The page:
Though this definition is accurate, it is also general. It is accurate because of man’s rejection of his mortality may deprive him of good life, and this is true in all cases. It is also general because it relates to an open question, and each philosopher has his own way to answer it. We are fortunate because the complex mind gives us the possibility of reducing the answers of all philosophers into one and clear phrase, as follows:
A good life is a life in which one is able to live.
To explain, a good life does not mean good living. Rather it means the ability to enjoy life according to Epicurus; the ability to grow according to Spinoza; and the ability to live powerfully according to Nietzsche. However, Epicurean pleasure is also the ability to enjoy what is little and simple; Spinoza growth is also the ability to grow slowly and quietly, and that Nietzsche power is also the ability to have patience and endurance. In general, the true meaning of ability is the ability to control the ability, in order not to be depleted. Here exactly lies the meaning of the ability to live.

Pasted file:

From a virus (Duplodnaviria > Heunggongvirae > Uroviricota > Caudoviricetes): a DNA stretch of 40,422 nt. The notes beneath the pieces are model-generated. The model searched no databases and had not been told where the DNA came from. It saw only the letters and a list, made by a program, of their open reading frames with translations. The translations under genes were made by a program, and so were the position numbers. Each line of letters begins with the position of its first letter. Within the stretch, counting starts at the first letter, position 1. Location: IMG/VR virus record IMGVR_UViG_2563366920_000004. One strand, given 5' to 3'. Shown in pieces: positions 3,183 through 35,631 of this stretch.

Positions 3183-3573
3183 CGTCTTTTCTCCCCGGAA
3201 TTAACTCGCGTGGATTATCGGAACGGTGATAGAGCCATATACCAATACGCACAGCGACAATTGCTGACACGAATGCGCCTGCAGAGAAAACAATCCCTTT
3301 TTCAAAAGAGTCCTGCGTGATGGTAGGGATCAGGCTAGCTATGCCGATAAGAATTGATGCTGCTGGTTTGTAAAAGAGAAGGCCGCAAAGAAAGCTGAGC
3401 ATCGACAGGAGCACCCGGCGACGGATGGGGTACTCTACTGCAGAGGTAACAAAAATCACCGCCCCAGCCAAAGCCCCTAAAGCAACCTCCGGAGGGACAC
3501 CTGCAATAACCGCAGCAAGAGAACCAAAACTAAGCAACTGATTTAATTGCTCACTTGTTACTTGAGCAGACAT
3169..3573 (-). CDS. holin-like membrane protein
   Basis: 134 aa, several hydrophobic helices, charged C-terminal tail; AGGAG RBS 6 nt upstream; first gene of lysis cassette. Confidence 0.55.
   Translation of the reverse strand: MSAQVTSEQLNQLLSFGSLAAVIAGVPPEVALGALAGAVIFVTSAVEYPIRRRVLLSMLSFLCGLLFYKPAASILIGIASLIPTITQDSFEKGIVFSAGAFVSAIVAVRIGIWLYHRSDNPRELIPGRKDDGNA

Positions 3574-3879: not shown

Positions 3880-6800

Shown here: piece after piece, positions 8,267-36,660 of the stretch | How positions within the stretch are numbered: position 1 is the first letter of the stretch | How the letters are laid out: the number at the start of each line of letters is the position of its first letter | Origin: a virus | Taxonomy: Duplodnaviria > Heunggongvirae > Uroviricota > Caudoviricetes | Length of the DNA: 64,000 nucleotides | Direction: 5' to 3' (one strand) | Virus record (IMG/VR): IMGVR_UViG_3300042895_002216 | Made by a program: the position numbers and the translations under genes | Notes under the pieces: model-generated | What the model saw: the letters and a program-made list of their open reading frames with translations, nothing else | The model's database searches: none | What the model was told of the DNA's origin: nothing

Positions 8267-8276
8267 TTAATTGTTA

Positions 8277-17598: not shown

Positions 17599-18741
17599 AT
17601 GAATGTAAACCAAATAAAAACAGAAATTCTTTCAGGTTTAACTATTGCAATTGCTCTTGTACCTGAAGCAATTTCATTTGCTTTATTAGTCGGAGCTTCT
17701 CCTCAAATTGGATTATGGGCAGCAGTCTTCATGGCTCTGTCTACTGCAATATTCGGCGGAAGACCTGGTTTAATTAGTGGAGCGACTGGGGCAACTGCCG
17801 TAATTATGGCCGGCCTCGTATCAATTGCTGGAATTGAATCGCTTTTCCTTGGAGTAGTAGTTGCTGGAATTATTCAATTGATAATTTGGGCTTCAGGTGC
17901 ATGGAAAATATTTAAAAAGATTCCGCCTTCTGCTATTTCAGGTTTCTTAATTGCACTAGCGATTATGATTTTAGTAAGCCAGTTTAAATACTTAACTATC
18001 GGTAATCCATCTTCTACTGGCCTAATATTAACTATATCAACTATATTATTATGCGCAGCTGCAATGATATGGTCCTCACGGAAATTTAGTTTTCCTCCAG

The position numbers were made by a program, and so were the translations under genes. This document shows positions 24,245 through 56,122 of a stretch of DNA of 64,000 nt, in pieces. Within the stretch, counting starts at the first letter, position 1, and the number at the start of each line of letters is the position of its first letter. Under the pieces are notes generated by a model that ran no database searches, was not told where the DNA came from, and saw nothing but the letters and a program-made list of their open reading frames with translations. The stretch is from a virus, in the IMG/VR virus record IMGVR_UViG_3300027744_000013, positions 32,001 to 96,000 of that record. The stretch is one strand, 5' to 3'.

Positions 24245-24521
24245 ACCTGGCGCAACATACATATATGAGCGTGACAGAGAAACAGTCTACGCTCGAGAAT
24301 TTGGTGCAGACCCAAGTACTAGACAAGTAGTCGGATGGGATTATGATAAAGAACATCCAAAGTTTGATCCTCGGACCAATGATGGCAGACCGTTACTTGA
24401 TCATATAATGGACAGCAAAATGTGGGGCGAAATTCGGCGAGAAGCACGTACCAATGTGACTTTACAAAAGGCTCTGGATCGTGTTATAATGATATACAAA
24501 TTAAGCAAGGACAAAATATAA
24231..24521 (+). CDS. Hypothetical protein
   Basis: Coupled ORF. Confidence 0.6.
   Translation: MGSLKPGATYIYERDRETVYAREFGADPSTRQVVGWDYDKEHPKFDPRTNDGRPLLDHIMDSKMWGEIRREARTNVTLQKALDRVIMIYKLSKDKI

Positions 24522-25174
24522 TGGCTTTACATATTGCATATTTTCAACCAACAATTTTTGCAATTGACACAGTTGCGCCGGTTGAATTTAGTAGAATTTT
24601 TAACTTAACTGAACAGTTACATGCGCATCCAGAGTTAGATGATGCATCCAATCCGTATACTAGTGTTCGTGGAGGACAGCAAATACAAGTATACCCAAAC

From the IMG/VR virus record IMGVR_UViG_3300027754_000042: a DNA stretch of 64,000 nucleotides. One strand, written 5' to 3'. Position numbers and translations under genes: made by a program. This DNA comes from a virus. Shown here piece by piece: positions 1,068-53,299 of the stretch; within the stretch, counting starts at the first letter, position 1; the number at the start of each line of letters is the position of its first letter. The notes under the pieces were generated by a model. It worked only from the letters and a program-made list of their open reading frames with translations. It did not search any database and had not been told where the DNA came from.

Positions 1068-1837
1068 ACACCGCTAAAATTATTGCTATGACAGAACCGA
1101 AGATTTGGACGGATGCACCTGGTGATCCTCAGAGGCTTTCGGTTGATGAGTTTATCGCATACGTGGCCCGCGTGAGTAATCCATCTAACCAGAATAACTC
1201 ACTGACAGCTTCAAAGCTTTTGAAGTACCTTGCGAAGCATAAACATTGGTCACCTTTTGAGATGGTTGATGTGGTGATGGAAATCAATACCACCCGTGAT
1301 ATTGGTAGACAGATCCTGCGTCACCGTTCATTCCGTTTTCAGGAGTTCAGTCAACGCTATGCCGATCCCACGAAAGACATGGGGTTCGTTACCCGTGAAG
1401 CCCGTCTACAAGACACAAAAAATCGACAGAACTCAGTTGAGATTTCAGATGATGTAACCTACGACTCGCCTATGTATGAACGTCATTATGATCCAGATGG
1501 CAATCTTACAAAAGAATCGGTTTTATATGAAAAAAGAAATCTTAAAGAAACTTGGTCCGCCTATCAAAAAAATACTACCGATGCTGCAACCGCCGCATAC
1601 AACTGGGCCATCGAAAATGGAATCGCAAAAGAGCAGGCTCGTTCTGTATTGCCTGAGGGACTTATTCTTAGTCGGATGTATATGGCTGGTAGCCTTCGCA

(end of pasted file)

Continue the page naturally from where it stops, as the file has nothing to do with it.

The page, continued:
What are the elements that develop the ability to live? What are the elements that paralyze man’s ability to live? Around these two questions, the philosophies of living center in two fundamental dimensions:
First, the critical dimension in terms of deconstruction and undermining concepts and values that develop the motives of fear, lethargy, following others, hatred, and jealousy, etc., thus threatening the ability to live.
Second, the healing dimension, in terms of working to free the individual, society and civilization from the power of those motivations that lead to the degradation of the individual and civilization, through practical exercises and activities to train mind and conscience.
It is said that diagnosing a disease is half of medication. Therefore, based on the history of philosophy, I can draw a short map of life constraints, as follows:
Ignorance according to Socrates, fear according to Epicurus, complaining according to “Stoic”, sad whims according to “Spinoza”, alienation according to “Marx”, instincts of deterioration according to “Nietzsche”, motives of death according to “Freud”, false presence according to ”Hedger”, the pattern of ownership according to Erich Fromm, and so forth. A good life means good control of oneself which is always vulnerable to delusion, pain, illness, boredom, misery, and mortality and then, one often heads to what Schopenhauer calls “false condolence.”